Marzollo & Wick, |
I Spy: A Book of Picture Riddles
I ran across this book (figuratively, not literally) in my dermatologist's waiting room. Thanks to a moderate wait, and a book of only 40 pages (that are mainly photographs), I was able to get a good look at it. I had not before seen one of the I Spy books, of which there is a series, although I knew of the game and had played it. I was impressed with the book, although I initially had reservations about where it would be of most use.
As to the book's features, it is 40 pages of large, colorful photographs, most covering two pages, with a large collection of various items scattered across each picture. Each picture is accompanied by a short riddle or rhyming phrase that tells you what to find in the picture with which it is paired. The objects could be just about anything small, with many being small children's toys, like marbles or little animal figurines. An example of a riddle or clue phrase is:
I spy a snake, a three-letter word,
The suggested age range is 4 to 8. While I did not have the time needed to adequately tackle the challenges, I will say that, for the one I focused on, it was indeed a challenge. I could not find the rabbit!
As to the physical qualities of the book, it is an over-sized hardcover measuring 12.1 by 9.2 by 0.3 inches, which allows the pictures to be very large. The cover is glossy and thick, and the pages are not flimsy, all of which adds up to a 40-page book weighing well over one pound. Physically, the book should last quite a while, despite regular usage. That is a good thing, for a book aimed at young children, and also contributes to its suitability for doctor's waiting rooms.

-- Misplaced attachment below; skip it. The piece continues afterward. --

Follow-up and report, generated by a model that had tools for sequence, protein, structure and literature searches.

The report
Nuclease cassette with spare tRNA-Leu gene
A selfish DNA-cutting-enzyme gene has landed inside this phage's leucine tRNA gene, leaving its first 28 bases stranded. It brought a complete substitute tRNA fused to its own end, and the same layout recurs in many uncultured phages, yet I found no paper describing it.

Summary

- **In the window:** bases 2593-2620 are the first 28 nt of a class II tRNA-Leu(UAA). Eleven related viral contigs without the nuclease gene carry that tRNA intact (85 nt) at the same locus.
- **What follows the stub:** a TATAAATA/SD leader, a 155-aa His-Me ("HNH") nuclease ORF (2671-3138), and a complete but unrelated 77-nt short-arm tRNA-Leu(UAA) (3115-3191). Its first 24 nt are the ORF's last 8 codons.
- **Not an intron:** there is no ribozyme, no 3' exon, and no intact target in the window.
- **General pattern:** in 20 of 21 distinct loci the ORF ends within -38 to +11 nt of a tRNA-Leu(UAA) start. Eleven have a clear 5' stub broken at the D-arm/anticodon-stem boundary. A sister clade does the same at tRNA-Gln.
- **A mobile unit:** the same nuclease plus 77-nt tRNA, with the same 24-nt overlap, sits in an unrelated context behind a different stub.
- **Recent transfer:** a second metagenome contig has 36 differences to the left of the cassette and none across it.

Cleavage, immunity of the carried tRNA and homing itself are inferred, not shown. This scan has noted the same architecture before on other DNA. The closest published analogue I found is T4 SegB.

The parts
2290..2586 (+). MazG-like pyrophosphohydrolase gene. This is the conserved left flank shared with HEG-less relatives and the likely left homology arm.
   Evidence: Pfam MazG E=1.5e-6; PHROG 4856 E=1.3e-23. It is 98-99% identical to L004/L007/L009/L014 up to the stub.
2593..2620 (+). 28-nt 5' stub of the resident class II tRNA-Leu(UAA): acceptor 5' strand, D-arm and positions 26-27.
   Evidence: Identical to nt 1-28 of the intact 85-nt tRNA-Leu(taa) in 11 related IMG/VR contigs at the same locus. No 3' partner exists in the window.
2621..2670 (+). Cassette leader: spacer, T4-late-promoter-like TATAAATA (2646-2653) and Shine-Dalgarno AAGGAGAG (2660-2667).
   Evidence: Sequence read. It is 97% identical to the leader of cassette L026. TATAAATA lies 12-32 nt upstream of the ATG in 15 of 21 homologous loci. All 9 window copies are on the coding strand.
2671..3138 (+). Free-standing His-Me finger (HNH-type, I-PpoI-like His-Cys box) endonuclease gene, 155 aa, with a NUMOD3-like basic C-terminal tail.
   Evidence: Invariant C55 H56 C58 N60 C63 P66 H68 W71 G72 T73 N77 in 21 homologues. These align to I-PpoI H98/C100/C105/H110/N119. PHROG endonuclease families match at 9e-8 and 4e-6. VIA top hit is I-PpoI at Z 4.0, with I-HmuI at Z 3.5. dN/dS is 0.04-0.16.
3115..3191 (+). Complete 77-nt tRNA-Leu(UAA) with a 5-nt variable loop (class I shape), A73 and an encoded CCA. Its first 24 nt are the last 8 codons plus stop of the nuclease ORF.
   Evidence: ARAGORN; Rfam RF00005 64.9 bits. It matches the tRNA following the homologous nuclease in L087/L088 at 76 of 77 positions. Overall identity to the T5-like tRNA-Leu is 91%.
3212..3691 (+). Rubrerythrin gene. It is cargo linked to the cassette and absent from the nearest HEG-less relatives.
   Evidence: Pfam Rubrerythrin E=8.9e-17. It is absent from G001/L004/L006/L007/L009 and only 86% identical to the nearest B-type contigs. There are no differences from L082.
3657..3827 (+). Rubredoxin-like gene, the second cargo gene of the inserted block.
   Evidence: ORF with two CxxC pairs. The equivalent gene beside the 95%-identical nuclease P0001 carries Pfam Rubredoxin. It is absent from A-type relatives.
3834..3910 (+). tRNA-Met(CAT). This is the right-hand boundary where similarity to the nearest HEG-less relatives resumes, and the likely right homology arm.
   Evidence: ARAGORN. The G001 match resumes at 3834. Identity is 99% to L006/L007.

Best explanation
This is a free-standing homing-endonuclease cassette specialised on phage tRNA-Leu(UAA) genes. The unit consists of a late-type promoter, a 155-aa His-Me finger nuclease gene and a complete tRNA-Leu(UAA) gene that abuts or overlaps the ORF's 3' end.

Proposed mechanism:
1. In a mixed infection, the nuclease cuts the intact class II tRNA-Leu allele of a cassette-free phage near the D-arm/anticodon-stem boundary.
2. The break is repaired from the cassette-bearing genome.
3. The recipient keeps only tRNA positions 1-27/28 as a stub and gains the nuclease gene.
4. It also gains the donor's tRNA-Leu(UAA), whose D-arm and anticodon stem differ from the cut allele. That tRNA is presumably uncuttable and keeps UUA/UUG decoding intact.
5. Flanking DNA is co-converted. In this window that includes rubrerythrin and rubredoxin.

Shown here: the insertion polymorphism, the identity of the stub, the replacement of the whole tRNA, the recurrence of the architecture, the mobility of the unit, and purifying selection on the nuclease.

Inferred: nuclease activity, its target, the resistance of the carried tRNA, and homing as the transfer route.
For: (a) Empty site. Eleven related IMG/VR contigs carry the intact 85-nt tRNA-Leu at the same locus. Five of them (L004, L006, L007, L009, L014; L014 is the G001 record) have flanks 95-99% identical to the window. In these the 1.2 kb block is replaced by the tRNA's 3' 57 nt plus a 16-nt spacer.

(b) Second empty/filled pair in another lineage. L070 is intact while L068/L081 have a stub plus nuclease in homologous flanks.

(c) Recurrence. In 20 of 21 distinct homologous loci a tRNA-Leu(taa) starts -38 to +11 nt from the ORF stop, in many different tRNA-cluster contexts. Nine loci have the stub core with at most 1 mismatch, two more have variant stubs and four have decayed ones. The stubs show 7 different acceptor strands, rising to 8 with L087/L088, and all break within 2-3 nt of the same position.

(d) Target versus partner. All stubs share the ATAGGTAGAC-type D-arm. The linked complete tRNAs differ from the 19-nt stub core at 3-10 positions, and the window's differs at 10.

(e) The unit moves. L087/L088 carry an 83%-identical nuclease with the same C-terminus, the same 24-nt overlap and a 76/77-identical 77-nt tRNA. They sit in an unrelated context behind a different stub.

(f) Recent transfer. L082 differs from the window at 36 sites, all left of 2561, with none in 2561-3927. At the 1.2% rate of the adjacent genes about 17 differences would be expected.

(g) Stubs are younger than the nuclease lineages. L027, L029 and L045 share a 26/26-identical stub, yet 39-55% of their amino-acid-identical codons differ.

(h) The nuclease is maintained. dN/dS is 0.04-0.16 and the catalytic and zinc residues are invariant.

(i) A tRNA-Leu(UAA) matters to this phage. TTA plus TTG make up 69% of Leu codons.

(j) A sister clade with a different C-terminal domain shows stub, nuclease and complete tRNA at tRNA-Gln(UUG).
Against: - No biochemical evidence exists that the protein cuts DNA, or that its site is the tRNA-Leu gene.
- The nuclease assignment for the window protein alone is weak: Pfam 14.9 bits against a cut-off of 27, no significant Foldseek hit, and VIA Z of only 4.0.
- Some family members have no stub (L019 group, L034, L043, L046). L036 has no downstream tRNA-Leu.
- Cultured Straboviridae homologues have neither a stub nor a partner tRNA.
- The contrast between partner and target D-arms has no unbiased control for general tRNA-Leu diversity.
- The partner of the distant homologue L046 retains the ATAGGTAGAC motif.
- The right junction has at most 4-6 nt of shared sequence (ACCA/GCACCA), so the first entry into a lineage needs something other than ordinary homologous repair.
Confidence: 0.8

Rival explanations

At first, I thought this book might be the kind that parents buy for their small children, their children initially love it, and, three weeks later, it will sit on a shelf, accompanied by a growing collection of dust bunnies. After looking it through and trying it out, I think I was wrong, and that the book will have sustainability. The level of difficulty is one key to that. In the first two-page collection, I was challenged to find eight objects. I found six fairly quickly, but then that darn rabbit kept eluding me! It was there, but it was a quick and sneaky little thing. I can imagine a parent using the book as a read-along, with a 4-year-old, and the child will find the first four or five items, the parent-child tag-team will hunt down two more, and the remainder will have to wait until tomorrow. Those elusive items will eventually be found, and then you turn the page and get to start over.
There are also extra credit riddles at the end, which will further extend the book's attention-lifespan in the family. Meanwhile, the 3-year-old will want to see what all the fuss is about, and so it goes. Also, given the separate puzzles throughout the book, it is very aptly fit for a waiting room.
The bottom line is that this is a good book for children, and I believe it will stand up to time, use, and the challenge of childhood attention spans.
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